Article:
Wireless Microphone Systems
May 6, 2014 10:16 AM, By Bennett Liles
Mipro has included a full-color vacuum fluorescent display panel on the front of its ACT-818 1/2RU single-channel UHF mic receiver to assist with setup and operation. The rear panel provides a very handy ground lift switch on the XLR output. It and the unbalanced 1/4in. output connections also are switchable between mic and line audio levels and there is a SPDIF digital output, as well. The antenna ports have an 8VDC bias that can be used to power antenna signal boosters. The system also offers 10 built-in SmartEQ presets and 256-bit encryption. The unit works with the ACT-80H handheld and ACT-80T bodypack transmitter as well as the rechargeable versions 8Ha and 8Ta.
The new PCX U-1002 from Peavey features auto scan on the half-rack space receiver and the system can frequency synchronize it with the transmitter in a quick setup. The rear panel includes both XLR and 1/4in. output connections and they can be switched between line and mic levels. The antenna connections are DC powered to operate antenna-boosting equipment and the front-panel color LCD is used for settings as well as battery level, channel, and audio/RF signal level displays. Multiple receivers can be daisy-chained on a network line for centralized control and monitoring. The PCX U-1002 system can include handheld and bodypack transmitters for vocal and instrumental roles.
Making its debut at ISE this year, the Executive Elite wireless mic system from Revolabs can be set up as a 4- or 8-channel installation using a distributed architecture, which connects the remote antenna receiver and the base unit on Cat-6 cable. Its PoE feature simplifies installation and the rechargeable microphones can provide up to 12 hours of continuous talk time. The receiver can be linked to many others, expanding the system’s total channel capability to 80. Conference participants can use either gooseneck or wearable microphones, and the system can be controlled remotely or through a local connection.
Sacom’s idea behind the 8-channel DS8000 digital wireless microphone system is expandability through modular configuration. A 1RU rack frame holds up to eight of the receiver modules and works with any of the system’s rechargeable handheld, bodypack, and gooseneck table base transmitters. The digitally encrypted signals can be sent through up to eight linked receiver rack frame units operating on a single pair of distributed half-wave antennas. The free software package can control and monitor the system through USB, RS-232, or Ethernet, and the transmission power can be adjusted for 1, 10, 25 or 50mW.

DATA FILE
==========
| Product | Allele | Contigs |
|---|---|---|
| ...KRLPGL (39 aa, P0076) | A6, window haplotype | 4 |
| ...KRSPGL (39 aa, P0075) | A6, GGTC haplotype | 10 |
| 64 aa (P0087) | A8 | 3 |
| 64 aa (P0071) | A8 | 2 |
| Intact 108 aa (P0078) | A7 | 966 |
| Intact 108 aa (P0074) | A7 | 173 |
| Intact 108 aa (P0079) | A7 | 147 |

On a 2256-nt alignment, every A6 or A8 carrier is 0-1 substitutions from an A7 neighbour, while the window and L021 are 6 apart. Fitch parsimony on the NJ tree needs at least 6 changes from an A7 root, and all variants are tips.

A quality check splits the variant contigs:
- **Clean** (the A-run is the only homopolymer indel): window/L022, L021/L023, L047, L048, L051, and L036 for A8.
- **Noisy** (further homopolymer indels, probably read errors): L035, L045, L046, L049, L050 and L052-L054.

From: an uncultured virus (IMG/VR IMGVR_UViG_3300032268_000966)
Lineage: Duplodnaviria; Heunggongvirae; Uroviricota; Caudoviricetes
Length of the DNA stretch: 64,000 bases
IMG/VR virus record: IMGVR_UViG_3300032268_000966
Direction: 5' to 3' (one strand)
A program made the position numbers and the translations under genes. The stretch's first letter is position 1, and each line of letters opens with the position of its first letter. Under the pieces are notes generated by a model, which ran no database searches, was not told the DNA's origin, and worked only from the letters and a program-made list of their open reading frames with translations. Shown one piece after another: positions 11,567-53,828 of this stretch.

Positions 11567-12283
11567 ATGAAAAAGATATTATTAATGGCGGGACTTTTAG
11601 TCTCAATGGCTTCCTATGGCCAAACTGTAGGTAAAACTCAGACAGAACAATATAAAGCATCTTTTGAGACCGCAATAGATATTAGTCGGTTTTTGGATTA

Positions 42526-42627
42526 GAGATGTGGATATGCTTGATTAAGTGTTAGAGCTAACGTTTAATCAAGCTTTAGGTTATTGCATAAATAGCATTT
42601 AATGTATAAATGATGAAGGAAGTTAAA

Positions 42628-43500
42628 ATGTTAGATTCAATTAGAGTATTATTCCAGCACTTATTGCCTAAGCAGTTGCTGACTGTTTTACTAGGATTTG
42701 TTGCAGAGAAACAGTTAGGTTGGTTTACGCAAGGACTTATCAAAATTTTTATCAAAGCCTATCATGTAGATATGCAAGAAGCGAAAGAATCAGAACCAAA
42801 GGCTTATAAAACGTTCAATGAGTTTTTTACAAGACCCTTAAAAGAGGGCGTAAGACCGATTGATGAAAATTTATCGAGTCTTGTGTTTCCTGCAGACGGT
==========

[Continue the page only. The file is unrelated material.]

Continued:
For a very sophisticated and high-end wireless system loaded with features, Sennheiser offers the Digital 9000 system operating in the UHF band with up to 40 channels between 470MHz and 798MHz. With a built-in graphical spectrum analyzer and RF level recorder, the EM 9046 receiver can find the best channels in today’s challenging RF environment. The SKM 9000 handheld transmitter can be fitted with any of 12 different microphone heads including the evolution wireless/2000 series and Neumann capsules. The SK 9000 bodypack transmitter has a magnesium case, and it can accept microphones and instrument connections on a 3-pin Lemo connector.
The BLX Wireless System from Shure is intended to be configurable to suit any specific user scenario with simple setup and connection. Built around the BLX4 single-channel and BLX88 dual-channel receivers, the system can include any combination of instrument, lapel, or head-worn microphones working with the BLX1 bodypack transmitter. The BLX24/SM58 is a handheld version that incorporates the well-known Shure SM58 microphone head. Up to 12 compatible systems may be used on each frequency band and the QuickScan feature finds the appropriate channel. Each receiver has both XLR and 1/4in. output connections, and the transmitters can run up to 14 hours on one set of AA batteries.
For touring professionals and upscale installations, Sony has developed the DWX Digital Wireless series with rackmounted DWR-R02D dual-channel UHF receiver that can be paired with Sony’s DWM02 handheld, DWRS02D bodypack, DWTB01 bodypack, or DWTP01 plug-on transmitters. For field operation, these transmitters can be used with the DWRS02D/42 battery-operated receiver. For those who prefer to travel lighter, there is the DWZ Digital Wireless system with small, mobile receivers such as the ZRXHR50 half rack unit that can be used with a range of belt-pack, handheld, and instrument transmitters using the 2.4GHz ISM band.
Designed to allow economical entry into the wireless microphone realm with easy operation, the Trantec S4.16 Series from TOA Electronics can be purchased as either the Q-S4.16H for handheld operation or the Q-S4.16L with a lapel mic and bodypack transmitter, which includes a switch for microphone and instrument input levels. The system provides 16 channels within the 616-630MHz range with simultaneous operation of up to eight transmitters. The receiver has both XLR and 1/4in. connectors and it allows the output audio on the XLR to be switched between line and mic level. Diversity reception and RF signal strength can be monitored on the front panel. The transmitters each operate at a 10mW RF power level.
Acceptable Use Policy blog comments powered by Disqus